Phellinus spp.

Scientific names:  Phellinus everhartii (Ellis &
Galloway) A. Ames; Phellinus igniarius (L.) Quel.;
Phellinus pini (Brot.) Bondartsev & Singer
Derivation of names:   Phellinus means "made of cork"or
"corky." Everhartii honors B.M. Everhart, a mycologist who
lived from 1818 to 1904. Igniarius refers to "fire." Pini
indicates its occurrence on pines (Pinus spp.)
Synonymy: Index Fungorum lists the current name of P. pini
as Porodaedalea pini (Brot.) Murrill
Phylum:   Basidiomycota
Order:   Hymenochaetales
Family:   Hymenochaetaceae
Comments: A number of Phellinus species occur in the
Northeast. These perennial species are resupinate, effused-
reflexed, or sessile. Cap colors vary from yellowish to
brownish to gray to black. Caps may be cracked or not.
The pore surface is brownish. They have a brownish context
and most have microscopic setae. Many are parasites. Some
occur at the base of the tree (root and butt rot species) and
others are high up on the tree (trunk rot species). Most
require the use of a microscope to identify them with
certainty and are therefore not included in the keys. A few
species are pictured here.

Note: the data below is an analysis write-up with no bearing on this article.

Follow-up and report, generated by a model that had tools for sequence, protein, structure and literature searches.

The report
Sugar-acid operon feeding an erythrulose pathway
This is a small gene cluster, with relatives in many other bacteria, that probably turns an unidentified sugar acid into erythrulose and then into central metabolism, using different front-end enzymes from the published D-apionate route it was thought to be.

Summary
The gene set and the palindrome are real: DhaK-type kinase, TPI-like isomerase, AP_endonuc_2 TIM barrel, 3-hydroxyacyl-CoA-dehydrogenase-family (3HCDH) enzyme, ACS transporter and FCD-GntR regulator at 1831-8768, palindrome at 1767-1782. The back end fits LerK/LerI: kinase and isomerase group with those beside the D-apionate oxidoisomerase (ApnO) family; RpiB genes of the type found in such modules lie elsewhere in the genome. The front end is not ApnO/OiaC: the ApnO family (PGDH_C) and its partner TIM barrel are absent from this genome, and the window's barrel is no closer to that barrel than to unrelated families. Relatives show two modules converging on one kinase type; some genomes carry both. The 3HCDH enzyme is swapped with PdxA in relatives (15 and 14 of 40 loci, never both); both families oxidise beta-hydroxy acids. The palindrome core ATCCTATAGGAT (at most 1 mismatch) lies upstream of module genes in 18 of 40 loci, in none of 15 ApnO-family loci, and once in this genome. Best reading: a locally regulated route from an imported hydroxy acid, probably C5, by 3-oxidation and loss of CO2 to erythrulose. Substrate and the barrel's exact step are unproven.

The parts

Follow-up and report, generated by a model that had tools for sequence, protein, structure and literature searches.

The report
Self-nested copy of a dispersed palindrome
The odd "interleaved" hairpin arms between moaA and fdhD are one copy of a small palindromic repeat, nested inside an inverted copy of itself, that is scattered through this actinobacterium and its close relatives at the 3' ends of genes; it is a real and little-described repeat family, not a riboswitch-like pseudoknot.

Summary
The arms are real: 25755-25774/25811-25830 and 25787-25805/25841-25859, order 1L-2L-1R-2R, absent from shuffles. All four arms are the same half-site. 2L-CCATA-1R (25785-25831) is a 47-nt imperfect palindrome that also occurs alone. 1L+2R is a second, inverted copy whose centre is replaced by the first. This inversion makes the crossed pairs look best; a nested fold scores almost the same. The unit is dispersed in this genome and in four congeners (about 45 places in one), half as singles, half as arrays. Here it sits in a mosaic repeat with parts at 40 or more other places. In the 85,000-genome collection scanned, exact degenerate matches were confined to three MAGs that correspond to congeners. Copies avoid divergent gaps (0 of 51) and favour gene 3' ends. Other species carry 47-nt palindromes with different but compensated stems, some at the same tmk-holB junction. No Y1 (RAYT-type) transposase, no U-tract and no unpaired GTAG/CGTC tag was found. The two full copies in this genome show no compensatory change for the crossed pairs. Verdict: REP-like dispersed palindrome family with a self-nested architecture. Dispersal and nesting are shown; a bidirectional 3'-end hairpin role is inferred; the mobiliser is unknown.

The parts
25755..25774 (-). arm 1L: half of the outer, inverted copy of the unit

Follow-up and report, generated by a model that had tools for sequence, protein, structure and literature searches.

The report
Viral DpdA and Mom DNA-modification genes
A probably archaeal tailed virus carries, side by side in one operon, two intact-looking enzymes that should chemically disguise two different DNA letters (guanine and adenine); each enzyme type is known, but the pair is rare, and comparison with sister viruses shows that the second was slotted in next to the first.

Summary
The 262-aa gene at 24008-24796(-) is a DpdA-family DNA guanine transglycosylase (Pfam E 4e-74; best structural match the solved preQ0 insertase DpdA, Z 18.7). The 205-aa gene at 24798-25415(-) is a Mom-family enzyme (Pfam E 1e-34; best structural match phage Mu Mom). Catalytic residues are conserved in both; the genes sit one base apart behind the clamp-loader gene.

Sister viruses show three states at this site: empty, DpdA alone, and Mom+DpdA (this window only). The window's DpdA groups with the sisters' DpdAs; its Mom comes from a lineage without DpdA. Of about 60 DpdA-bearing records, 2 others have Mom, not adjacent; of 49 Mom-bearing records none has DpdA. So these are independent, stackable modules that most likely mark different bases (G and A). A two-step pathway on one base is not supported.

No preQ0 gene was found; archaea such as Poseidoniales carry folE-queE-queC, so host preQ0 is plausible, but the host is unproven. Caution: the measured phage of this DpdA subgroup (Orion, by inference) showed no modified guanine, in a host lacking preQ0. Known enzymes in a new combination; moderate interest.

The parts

More information at TomVolkFungi.net:


Figure 1. Phellinus igniarius parasitizes hardwoods of
many genera and continues as a saprotroph after the tree
dies. According to Gilbertson and Ryvarden, P. igniarius
is a complex of closely related species. Photo © Tom Volk.


Figure 2. This specimen, high up in the tree, was spotted at
the 2003 NEMF foray at Scott's Oquaga Lake House in
NY and tentatively identified (from ground level) as
Phellinus igniarius. Photo © Gary Emberger.


Figure 3. Phellinus everhartii usually parasitizes the trunks
of oak (Quercus) species, causing serious heartrot.
Photo © Tom Volk.


Figure 4. Phellinus pini parasitizes conifer species.
Photo © Larry Grand.


Figure 5. Phellinus pini parasitizing white pine (Pinus
strobus). This parasite commonly infects living conifers at
the branch stubs. Photo © N. Brazee.


Figure 6. Phellinus pini upper surface. Photo © Tom
Volk.


Figure 7. Phellinus pini pores. Photo © Tom Volk.

 

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